If you want to get hired, it's much more important to brush up on your charm and presentation (and maintain that standard throughout your employment) than it is to memorize a particular algorithm. There are always going to be new algorithms that you don't have memorized. Strong social skills will take you much further.
I put a day or two into a job application. (Which may be excessive, but it leads to a high conversion rate). Preparation includes researching the company, their products and projects, their history and my possible contribution – and tailoring my application package to their needs. If the company can’t be bothered to write me a short email “Nope, sorry. HR.” then that company is not worth my time.
In effect, “Only short-listed candidates will be contacted” tells me: “1) We are too lazy or incompetent to set up a mass email reply. 2) We don’t care about candidates enough to save them the time and stress of unnecessary follow-ups.” By extension, I will assume that company does not care about its employees either and has effectively disqualified itself from my becoming a part of their team.
(Macdonald’s, Goldman Sachs, line cook, VP legal, same law, everyone, everywhere)
There exists a very inefficient, unbalanced social practice. Needs a regulatory nudge. Simple law. California goes first. The world follows. Onwards.
But I don't think it's a special case. Good software developers are by nature great at hacking systems and plenty of them would find it more profitable to keep interviewing rather than work a regular job.
If it does need a regulatory nudge, paying people to interview is the most naive way to do this.
Just paraphrasing something from my sons leadership project ;)
I don't see how that is possible, ignoring the fact that doing that would be about as fun as gold farming on WoW circa 2007.
You'd have to interview about 12 hours a week (including Christmas and Thanksgiving), every week at only SV type companies and only for $300K jobs and pull it off for a year without getting caught before you hit $100K.
As an example you could ask openly about the company's hiring processes, rankings, followups, and the like. If you receive answers that satisfy your preferences, that's great; otherwise, you can move on to prepare for the next company.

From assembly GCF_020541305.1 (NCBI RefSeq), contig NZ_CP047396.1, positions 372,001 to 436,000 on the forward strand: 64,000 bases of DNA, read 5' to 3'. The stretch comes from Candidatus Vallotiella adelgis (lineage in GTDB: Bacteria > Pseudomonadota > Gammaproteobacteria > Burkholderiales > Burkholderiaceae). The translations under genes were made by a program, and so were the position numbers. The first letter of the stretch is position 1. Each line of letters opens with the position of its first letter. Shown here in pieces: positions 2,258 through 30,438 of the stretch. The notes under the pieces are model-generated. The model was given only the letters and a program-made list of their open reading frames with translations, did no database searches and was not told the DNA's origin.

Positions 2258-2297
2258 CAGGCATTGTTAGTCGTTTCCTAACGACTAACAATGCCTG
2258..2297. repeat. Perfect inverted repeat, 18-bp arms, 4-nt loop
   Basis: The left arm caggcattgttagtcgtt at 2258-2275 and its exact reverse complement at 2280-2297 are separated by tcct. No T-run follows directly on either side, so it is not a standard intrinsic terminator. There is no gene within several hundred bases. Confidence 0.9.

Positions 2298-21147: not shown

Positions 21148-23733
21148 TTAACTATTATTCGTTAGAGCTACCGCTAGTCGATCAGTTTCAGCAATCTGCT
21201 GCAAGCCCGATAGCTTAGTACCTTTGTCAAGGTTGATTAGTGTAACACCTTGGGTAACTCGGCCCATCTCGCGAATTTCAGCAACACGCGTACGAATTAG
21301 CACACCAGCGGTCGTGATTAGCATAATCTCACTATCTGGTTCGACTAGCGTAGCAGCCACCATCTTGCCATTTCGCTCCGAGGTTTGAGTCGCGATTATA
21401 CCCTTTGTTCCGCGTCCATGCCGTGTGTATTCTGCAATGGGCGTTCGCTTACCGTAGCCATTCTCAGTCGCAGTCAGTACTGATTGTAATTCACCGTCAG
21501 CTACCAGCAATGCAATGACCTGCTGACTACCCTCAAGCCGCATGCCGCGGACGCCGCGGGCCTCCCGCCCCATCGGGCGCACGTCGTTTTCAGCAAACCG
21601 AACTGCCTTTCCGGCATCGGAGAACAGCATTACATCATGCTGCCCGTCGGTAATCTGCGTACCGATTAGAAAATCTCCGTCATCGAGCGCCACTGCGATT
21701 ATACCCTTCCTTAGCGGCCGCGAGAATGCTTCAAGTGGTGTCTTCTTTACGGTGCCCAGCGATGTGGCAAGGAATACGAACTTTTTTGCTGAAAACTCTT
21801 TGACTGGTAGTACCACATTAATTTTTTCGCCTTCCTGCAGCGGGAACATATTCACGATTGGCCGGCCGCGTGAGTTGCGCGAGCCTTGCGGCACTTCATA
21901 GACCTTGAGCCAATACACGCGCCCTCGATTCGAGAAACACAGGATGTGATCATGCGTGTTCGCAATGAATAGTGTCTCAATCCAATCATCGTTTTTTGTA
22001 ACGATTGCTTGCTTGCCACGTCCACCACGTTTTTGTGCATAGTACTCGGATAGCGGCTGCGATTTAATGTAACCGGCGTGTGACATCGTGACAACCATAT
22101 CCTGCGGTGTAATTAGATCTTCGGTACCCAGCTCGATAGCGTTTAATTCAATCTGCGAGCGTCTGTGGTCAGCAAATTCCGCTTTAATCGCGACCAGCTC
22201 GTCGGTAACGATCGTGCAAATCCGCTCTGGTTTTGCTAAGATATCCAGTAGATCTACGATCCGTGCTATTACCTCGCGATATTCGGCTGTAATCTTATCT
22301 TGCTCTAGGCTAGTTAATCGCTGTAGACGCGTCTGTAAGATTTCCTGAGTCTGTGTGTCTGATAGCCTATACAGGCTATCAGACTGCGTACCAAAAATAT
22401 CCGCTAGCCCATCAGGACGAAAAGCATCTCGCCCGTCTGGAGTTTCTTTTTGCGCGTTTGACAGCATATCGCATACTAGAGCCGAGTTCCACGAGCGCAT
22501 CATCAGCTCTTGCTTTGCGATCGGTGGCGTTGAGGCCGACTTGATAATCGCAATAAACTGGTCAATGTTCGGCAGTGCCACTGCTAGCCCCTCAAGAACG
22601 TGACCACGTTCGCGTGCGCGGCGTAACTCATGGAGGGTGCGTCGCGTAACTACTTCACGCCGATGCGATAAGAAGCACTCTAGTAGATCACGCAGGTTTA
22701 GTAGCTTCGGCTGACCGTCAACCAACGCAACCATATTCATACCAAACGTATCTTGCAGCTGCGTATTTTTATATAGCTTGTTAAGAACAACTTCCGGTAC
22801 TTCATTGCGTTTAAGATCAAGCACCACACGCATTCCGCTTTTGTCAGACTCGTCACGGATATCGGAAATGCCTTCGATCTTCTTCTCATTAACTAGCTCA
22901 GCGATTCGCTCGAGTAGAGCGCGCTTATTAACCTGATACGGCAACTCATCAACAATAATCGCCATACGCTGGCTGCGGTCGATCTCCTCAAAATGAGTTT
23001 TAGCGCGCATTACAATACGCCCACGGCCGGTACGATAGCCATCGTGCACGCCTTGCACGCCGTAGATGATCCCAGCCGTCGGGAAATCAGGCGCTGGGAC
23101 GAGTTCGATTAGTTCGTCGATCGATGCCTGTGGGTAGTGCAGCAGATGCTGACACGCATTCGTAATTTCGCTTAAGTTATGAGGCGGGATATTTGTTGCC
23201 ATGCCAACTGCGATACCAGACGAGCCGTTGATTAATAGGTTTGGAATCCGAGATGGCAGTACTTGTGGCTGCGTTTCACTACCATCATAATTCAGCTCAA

All my applicants know within a few days of whether they are getting an interview.
All my first round interviewees know the next day if they are getting a second round interview.
All my second round interviewees know the next day if they are hired.
As you see above, there is only two rounds. There isn't any white boarding, because I find it a waste. For web developers, I ask a very simple one page site to make.
I try hard to make sure the applicants at least know where they stand pretty quick. Because I've been on the other side of that.
I think a majority of the people making hiring decisions in these companies have never been where I'm at (and where you've been).
Before people jump in with "what about negative Glassdoor reviews" or "negative reputation", I'm saying that all things taken into account, the equation is still in favor of the company.
I don't know.
I don't want some random company, I want a supermodel!
Unless your company is hot or you can poach people from your network you will have big problem hiring.
They are losing out on so many good candidates which does affect the bottom line.
 https://www.glassdor.com (to find out interview questions asked by companies)
 https://www.jobscan.co (to optimize your resume against job descriptions)
 https://www.pramp.com (a peer-to-peer mock interviewing platform for software engineers)
Or so is my experience.
Needless to say maybe I have been looking in all the wrong places for remote opportunities, but getting paid a reasonable rate + being remote seems hard to find.
I think the general nature of interviews is flawed - I've seen companies pass on great candidates who test well over some silly comment they made about a previous project, or because of "team fit".
I'll be honest I just haven't put much effort into it quite yet - still trying to arrange a few other projects in the event one of them takes off.
I am just resided to the "if it doesn't exist - make it yourself" but it sure is taking a lot of patience out of me to make it so.